As seen in table 2, the clinical responses according to EULAR and ACR response16 21 criteria at the 3–4-month follow-up were very good, as expected because the patients had to have DAS28 of 3.2 or less to be included in this cohort. More importantly, the vast majority of the patients maintained good responses at the 1 and 2-year follow-up. Therefore, after 1 year, 76.3% of the 114 patients with follow-up data had achieved a good response according to EULAR criteria. At 2 years (n=110), this number had increased to 85.5%. A more conservative analysis was also performed, in which patients without data at 1 and 2 years were regarded as non-responders (table 2).

Table 2

EULAR and ACR responses at 3, 12 and 24 months

Radiological progression at follow-up

As shown in table 3, the mean (SD) value for the total SvdH score at baseline, 1 and 2-year follow-up was 3.78 (7.72), 5.98 (8.66) and 7.87 (9.91), respectively, p<0.0001 compared with baseline at both time points. The same analysis limited to those patients who had complete radiological data at all follow-up time points (n=91) showed that the mean (SD) value for the total SvdH score was 3.88 (8.29), 6.20 (9.21) and 7.95 (10.10), respectively, p<0.0001 compared with baseline at both time points.

Table 3

Radiological progression in patients who responded well clinically to methotrexate

At baseline, 48.1% of patients had no radiographic damage, that is, the total SvdH score was 0, but at 1 year this proportion had decreased to 26.9% and at 2 years to 20.2% (p<0.0001). An erosion score of 0 was found in 62.6% at baseline, 47.9% at 1 year and 45.6% at 2 years (p<0.0001).

The mean progression after 1 year (n=107) was 2.21 (4.15) and after 2 years (n=101) 3.90 (6.84) (p=0.0003). Progression was seen for both the erosion score and joint space narrowing score with a mean increase at 2 years of 1.40 (4.11) and 2.50 (4.45), respectively.

A subset analysis of the patients who were in DAS28 remission (n=47/52) and those who were not in DAS28 remission (n=33/22) at 1 and 2 years of follow-up with available radiographs showed a mean increase in the total SvdH score of 3.96 (7.56)/4.17 (7.28) and 4.76 (7.19)/4.82 (7.58) (p=0.63)/(p=0.73). No difference was seen either between patients in DAS28 remission at every follow-up visit compared with the other patients (3.79 (6.68) versus 4.75 (8.20) p=0.6).

The same analysis for patients in SDAI remission (n=33) versus not in SDAI remission (n=40) at 2 years showed an increase in the total SvdH score of 3.88 (6.35) and 4.85 (8.13), respectively (p=0.57). Patients who were on methotrexate monotherapy throughout the 2-year follow-up had a mean progression of 3.46 (6.28). Patients who received another antirheumatic treatment in combination with methotrexate or those who switched treatment to other antirheumatic treatment during the 2-year follow-up had a mean progression of 7.20 (9.82) (p=0.06). Analysis of the patients who had been on stable dose glucocorticoids according to the inclusion criteria (n=17) before inclusion versus patients without glucocorticoids (n=84) at 2 years of follow-up with available radiographs showed a mean increase in total SvdH score of 3.88 (7.63) and 3.90 (6.71), respectively (p=0.9). The mean prednisolone dose at baseline was 6.9 mg/day (3.4).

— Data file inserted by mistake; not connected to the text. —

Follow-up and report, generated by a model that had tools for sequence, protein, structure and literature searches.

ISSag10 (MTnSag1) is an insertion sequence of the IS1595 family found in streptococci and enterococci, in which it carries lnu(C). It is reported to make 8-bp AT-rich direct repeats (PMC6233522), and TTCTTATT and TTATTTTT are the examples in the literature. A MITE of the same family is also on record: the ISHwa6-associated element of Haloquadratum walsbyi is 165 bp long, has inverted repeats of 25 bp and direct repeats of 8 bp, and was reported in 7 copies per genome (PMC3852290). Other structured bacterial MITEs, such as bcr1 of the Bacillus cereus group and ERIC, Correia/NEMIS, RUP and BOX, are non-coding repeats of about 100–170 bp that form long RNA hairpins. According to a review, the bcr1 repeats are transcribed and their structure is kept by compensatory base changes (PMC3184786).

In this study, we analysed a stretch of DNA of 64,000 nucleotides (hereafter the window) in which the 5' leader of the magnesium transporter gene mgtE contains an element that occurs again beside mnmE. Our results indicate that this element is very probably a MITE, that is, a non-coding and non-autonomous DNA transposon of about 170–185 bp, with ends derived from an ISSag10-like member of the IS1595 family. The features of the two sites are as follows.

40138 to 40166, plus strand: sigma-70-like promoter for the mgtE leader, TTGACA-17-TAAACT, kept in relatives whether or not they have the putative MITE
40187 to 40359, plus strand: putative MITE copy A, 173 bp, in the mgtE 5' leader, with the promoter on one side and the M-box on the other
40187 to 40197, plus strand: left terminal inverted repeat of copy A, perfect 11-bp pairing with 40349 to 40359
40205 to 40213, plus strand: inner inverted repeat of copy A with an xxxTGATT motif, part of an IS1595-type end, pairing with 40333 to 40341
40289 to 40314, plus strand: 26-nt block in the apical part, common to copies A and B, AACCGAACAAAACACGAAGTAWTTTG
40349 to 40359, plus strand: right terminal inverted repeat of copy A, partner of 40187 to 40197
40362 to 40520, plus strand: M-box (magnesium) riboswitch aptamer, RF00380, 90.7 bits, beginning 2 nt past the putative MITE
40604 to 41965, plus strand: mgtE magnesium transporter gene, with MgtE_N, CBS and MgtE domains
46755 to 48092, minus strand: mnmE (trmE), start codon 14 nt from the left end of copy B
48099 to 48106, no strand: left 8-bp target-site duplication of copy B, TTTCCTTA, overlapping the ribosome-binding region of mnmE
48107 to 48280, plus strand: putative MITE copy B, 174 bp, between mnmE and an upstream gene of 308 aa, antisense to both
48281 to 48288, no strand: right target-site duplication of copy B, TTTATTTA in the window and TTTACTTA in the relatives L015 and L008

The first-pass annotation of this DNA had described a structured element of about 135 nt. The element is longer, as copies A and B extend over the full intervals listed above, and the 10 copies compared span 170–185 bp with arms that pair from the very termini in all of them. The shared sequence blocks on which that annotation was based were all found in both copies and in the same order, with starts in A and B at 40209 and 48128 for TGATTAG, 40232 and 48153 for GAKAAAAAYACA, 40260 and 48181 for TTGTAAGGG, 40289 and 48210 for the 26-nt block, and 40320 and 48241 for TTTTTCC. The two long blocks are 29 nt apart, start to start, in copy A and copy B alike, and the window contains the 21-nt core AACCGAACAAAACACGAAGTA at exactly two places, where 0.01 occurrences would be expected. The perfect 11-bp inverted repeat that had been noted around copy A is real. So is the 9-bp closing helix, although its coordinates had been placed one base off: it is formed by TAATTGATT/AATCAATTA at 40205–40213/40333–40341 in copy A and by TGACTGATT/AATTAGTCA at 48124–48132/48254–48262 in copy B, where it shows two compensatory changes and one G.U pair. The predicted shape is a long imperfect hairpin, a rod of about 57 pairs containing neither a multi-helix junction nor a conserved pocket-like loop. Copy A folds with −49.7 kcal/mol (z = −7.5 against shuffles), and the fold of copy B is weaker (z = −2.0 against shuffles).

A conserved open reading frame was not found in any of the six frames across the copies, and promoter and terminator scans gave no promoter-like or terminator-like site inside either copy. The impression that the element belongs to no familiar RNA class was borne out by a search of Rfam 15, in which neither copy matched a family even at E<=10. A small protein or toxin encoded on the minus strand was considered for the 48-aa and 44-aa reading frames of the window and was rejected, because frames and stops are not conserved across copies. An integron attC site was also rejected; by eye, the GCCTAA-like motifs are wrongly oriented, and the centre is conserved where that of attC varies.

No radiographic progression was observed in 51.4% (n=107) and 38.6% (n=101) of patients at 1 and 2-year follow-up, respectively (p<0.0001). A change of one to five units in the total SvdH score was seen in 30.8% (n=107) at 1 year and 31.7% (n=101) at 2 years. Six patients had at least a 10 units increase in total SvdH score at 1 year and 15 patients had a 10 units or greater increase in the SvdH score after 2 years, of whom 11 patients were still on methotrexate monotherapy. There was no statistically significantly difference in DAS28 at 1 and 2 years between patients with progress greater than 10 units and the other patients. Seven of these 15 patients were in DAS28 remission after 1 year and 10 after 2 years. Three patients had progressed more than 20 units.

Functional status (disability)

Mean HAQ (SD) values decreased from 0.98 (0.51) at baseline (n=146) to 0.30 (0.41) at 1 year (n=108) and 0.26 (0.35) at 2 years (n=103) (p<000.1). There was no significance difference in HAQ change between progressors (0.70 (0.55)) and non-progressors (0.78 (0.48)) (p=0.64). The same analysis limited to patients with complete HAQ data at baseline, 1 and 2 years (n=83) showed the same results (data not shown).

Discussion

We have here presented the 2-year follow-up on 147 patients who after 3–4 months had responded well clinically to initial treatment with methotrexate monotherapy (achieving a low disease activity, ie, DAS28 ≤3.2) and who were therefore not randomly assigned but followed in regular care at 3–6-month intervals. The results show that they had good clinical responses over the first 2 years, but that radiological progression occurred in many patients in this cohort. The importance of this study lies in the fact that methotrexate therapy has been and remains the most commonly used drug for RA. Although anti-tumour necrosis factor biological agents in combination with methotrexate have been shown to be superior to methotrexate monotherapy, both clinically and radiologically, on a group level,7 the cost and risk of additional treatment has to be considered, and evidently many patients manage well without biological treatment. Therefore, both options can still be considered.2 25 Our data add further information regarding this important clinical decision.

Another clinically relevant question is whether patients who initially respond to methotrexate are likely to need additional therapy later on to control clinical disease activity.